Richard Hoglund’s work uses language and mark-making as a starting point, turning linear forms into melodic abstract compositions. Using materials such as shells he collected on the banks of the Mississippi, marble dust, pulverized bone, lead, tin, copper, silver and gold, he creates a sense of tone, timbre, time, mood, depth, color, prescience and history. Charles Saatchi bought two of his works from the show.

How do you think art should be explored during the Internet Age?

Art should be explored in every age; its importance is based on how well it interprets the moment. In my opinion, the art world has been late to respond to the Internet. While there have been articles discussing ‘Post-Internet’ art, we are now seeing art and shows responding to or connecting to apps like Instagram.  Social media, in particular Instagram, but also other platforms too – has solidified the power of the image as a tool for engagement. The internet is thus beginning to influence and affect art. It would be futile to ignore this change.

This is the first generation of artists who are considering the impact of social media on their practice. Do they wish to connect with their audience digitally? If so, how does their work translate online?

The Internet Age has changed the way we view and consume artwork.  As I mentioned, social media has allowed individuals to become critics – shifting the balance of power. No longer can the old guard dictate people’s appreciation.

Galleries are developing apps to show prospective collectors work. Auction houses let you buy works live from your smartphone. Museums have become much more aware of the impact of their digital footprint. Overall, the art world is becoming more digitally enhanced.

I would like to be clear on one important point: I do not think the digital sphere should or could replace the physical experience of seeing art in the flesh or visiting a gallery. However, the digital space can create fantastic tools for engaging with an artwork, exhibitions, institutions, artists; it is an addition not a replacement. Relationships with people and galleries are priceless and this can only be achieved by visiting fairs, galleries, museums and biennales.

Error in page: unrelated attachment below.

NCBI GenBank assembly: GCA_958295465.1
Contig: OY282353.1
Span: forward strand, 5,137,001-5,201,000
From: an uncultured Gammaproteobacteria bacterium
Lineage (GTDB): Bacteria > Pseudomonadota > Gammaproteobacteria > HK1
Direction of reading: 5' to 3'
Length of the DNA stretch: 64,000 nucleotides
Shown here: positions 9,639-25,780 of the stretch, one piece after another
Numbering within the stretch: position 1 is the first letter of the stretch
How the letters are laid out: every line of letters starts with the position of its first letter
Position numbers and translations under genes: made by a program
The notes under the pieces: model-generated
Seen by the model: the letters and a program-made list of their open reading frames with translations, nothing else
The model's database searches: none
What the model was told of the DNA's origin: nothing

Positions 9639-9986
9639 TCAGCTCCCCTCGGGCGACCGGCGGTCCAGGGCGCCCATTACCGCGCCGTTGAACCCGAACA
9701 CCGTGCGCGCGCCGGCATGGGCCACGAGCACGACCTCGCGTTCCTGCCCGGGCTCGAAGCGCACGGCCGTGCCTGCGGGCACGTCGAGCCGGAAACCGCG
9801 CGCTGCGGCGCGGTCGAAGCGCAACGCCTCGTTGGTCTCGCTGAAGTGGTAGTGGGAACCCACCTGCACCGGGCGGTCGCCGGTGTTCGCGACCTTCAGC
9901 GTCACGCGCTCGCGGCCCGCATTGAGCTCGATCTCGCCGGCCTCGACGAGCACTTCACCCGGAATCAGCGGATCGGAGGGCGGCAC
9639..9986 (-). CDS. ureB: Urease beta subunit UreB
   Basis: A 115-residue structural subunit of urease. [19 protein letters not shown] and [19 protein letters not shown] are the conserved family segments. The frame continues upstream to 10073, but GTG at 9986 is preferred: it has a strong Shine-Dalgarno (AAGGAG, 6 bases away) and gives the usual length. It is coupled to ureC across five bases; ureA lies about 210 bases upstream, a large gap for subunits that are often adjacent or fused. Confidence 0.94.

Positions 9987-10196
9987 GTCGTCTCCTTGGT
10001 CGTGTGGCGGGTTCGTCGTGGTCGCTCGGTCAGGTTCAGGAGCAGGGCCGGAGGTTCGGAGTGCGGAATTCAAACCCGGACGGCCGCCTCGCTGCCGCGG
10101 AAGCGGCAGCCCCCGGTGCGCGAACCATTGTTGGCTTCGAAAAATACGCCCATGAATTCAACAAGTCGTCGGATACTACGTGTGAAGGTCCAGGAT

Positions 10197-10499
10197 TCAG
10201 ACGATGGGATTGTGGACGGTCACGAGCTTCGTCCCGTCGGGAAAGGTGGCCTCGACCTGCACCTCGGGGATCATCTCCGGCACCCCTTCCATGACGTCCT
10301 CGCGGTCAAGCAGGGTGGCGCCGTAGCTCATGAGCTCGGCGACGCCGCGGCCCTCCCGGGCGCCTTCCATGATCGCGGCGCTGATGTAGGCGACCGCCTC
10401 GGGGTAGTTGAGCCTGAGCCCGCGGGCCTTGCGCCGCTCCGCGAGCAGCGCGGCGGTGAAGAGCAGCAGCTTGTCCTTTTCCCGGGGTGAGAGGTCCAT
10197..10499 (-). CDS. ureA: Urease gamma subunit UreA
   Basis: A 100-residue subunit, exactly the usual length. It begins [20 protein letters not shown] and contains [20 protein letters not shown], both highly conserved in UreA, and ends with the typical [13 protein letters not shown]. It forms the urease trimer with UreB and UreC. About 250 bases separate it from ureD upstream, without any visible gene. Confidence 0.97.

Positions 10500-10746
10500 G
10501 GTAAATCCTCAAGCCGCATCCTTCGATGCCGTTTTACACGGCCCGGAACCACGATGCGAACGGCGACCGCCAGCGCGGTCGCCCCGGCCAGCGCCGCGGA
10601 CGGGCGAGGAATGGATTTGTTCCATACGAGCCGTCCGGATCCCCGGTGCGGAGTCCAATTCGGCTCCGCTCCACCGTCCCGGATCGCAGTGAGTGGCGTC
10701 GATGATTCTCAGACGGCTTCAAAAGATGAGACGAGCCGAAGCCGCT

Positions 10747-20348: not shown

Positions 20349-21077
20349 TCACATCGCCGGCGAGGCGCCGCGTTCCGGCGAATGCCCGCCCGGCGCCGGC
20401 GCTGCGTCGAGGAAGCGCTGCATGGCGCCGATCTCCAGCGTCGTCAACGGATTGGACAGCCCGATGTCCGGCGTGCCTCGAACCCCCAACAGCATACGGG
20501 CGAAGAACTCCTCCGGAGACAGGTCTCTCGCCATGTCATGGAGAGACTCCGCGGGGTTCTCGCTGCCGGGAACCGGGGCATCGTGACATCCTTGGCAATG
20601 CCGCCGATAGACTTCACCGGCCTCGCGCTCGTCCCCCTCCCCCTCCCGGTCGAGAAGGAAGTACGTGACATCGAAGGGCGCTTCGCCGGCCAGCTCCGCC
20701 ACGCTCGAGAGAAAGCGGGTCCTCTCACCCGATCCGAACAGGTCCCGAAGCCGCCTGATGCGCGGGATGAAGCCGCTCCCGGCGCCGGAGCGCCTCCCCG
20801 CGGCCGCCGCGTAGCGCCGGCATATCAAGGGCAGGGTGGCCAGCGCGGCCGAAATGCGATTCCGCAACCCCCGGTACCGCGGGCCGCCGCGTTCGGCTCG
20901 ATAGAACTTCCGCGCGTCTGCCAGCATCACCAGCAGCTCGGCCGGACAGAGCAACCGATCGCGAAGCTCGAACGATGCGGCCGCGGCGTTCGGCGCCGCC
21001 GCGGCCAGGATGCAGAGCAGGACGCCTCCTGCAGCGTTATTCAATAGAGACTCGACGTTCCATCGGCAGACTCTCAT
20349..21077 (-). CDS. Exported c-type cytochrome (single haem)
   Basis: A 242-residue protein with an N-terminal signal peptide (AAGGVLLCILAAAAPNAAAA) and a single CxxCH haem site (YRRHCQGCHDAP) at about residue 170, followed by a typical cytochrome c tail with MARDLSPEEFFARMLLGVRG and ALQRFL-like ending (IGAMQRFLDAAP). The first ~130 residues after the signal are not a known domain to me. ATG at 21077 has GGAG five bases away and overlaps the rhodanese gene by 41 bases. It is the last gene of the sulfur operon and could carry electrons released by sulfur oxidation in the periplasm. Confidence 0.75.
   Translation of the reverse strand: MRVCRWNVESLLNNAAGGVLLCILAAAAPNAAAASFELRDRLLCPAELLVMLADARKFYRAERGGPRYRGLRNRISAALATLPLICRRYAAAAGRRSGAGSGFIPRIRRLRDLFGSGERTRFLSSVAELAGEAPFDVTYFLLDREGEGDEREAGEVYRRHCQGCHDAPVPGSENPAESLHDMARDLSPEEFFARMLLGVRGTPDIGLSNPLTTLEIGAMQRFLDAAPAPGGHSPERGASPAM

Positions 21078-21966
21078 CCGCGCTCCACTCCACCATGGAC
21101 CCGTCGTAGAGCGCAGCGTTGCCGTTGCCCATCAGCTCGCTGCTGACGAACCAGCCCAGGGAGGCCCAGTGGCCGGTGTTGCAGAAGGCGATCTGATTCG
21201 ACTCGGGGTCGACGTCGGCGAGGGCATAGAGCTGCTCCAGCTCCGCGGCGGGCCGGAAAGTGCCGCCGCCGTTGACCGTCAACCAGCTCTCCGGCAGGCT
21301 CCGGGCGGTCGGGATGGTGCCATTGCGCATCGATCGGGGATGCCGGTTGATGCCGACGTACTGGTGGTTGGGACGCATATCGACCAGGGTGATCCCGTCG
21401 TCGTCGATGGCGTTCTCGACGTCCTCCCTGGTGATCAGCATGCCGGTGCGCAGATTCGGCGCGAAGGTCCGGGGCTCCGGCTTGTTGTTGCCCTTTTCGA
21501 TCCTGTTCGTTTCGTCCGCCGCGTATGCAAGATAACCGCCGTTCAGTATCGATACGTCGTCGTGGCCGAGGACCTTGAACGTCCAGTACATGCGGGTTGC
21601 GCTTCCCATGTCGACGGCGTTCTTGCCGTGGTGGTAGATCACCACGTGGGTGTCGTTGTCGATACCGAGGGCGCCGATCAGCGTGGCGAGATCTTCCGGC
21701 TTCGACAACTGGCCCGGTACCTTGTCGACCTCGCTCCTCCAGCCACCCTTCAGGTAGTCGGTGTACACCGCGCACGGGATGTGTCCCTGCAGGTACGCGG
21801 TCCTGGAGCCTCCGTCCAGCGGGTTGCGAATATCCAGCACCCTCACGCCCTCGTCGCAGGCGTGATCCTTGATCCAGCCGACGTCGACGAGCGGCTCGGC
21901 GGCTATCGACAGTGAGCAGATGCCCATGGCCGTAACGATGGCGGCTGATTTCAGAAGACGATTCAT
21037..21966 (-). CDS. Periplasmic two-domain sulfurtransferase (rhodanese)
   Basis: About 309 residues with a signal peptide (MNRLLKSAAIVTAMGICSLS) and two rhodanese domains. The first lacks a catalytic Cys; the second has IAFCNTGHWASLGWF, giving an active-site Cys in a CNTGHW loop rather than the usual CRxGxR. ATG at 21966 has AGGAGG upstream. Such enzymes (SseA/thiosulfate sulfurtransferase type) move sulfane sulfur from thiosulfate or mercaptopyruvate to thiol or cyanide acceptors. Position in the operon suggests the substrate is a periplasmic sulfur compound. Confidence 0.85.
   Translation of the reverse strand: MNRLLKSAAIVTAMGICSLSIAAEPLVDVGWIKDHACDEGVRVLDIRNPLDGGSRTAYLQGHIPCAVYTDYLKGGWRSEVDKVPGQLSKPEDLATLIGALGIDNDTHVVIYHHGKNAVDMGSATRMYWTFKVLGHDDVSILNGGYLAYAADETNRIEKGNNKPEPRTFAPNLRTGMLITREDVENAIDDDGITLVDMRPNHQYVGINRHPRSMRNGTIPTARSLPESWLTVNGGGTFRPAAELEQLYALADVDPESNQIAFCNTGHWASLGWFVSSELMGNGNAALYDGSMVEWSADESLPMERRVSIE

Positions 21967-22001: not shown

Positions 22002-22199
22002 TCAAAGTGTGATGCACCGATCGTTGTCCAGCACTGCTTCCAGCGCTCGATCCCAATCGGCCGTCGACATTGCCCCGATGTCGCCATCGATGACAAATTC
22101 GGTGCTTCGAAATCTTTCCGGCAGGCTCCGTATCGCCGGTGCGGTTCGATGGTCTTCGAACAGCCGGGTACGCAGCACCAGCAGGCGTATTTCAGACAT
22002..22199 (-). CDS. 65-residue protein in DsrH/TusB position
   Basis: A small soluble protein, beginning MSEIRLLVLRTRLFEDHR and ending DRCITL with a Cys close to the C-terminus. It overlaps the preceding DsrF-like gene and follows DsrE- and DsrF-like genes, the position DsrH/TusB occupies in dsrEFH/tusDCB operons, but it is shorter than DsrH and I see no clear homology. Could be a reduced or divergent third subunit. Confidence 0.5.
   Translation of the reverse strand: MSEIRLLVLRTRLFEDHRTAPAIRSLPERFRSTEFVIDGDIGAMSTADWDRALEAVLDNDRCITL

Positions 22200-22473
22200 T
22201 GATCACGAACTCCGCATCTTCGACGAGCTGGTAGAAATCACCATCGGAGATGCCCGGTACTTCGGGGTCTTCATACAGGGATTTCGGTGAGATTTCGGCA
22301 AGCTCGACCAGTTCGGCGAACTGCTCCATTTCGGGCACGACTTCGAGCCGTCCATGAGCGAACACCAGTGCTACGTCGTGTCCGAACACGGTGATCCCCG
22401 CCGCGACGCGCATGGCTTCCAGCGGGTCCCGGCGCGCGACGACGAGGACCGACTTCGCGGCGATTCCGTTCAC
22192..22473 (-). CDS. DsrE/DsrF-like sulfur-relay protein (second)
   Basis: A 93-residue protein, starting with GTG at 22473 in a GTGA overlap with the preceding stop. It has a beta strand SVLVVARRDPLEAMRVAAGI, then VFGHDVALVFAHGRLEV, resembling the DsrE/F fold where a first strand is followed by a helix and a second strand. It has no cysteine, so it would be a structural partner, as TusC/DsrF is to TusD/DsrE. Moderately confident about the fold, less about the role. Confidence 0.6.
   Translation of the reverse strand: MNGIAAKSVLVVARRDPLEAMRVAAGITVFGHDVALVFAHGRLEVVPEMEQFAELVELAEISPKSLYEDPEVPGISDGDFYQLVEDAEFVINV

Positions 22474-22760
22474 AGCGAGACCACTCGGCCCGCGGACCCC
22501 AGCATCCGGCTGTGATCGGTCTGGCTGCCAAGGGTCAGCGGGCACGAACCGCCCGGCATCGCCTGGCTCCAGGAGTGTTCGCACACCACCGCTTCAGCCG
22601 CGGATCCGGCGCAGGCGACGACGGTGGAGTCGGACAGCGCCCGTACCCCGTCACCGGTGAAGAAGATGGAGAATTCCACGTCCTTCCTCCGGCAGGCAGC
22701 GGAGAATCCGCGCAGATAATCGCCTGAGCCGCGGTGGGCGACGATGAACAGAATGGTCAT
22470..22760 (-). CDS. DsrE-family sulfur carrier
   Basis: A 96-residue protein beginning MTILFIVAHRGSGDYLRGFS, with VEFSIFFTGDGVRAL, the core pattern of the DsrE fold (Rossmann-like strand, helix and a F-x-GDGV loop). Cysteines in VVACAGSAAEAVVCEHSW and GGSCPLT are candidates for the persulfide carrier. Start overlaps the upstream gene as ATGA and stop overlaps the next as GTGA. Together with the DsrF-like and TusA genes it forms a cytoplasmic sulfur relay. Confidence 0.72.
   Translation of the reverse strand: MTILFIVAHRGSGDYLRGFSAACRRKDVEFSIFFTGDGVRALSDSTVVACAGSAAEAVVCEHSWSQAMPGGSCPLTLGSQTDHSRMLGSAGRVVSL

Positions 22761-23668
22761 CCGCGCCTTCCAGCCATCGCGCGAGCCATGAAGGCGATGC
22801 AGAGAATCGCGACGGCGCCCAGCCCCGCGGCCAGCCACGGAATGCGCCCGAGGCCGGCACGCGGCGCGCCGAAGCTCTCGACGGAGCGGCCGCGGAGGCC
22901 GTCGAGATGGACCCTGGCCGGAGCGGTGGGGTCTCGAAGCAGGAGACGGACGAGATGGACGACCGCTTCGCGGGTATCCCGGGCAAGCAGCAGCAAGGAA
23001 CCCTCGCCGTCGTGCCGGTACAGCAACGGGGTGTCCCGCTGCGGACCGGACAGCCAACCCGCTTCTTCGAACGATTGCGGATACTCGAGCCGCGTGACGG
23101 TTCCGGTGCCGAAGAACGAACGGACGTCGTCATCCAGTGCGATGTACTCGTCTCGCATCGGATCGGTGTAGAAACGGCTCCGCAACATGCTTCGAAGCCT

Does social media have an impact on your own personal collection, and what you decide to collect?

Historically, I would spend weekends visiting studios and galleries, hunting for new artists and ideas.  It is rewarding, but hard work.  What has changed is that I can access large numbers of people remotely, and then decide having seen artist’s work where to visit in person. Meaning, I see more of what I like. Social media is a mechanism that helps me see the artists who I really want to see. But let’s not forget this journey started with galleries emailing jpegs of pictures – this is just the next step.

You’re a collector recently turned art curator. What has spurred your interest in curating art exhibitions?

I am first and foremost a collector; curating is the result of this experience and ultimately the public version of a long held private passion. I am working with new artists showing works that are not mine; I am promoting them and not my own personal collection. When you buy for yourself you buy with instinct and I have enjoyed sharing my taste with a broader audience and the inevitable debate that comes with the territory. Hashtag Abstract is my first show I look forward to furthering the debate via #hashtagabstract #kamiarmaleki #ronchinigallery @kammaleki @ronchinigallery

What advice would you give anyone thinking about working as a curator?

Give it a go!  If you have a strong vision and a belief in the artists you’re working with then just try. Art is about taking risks and pushing boundaries. Some of my favorite art experiences have been small and non-commercial. We are often too quick to judge success simply by what sells.

Hashtag Abstract at Ronchini Gallery, in Mayfair, London ran until 29 August www.ronchinigallery.com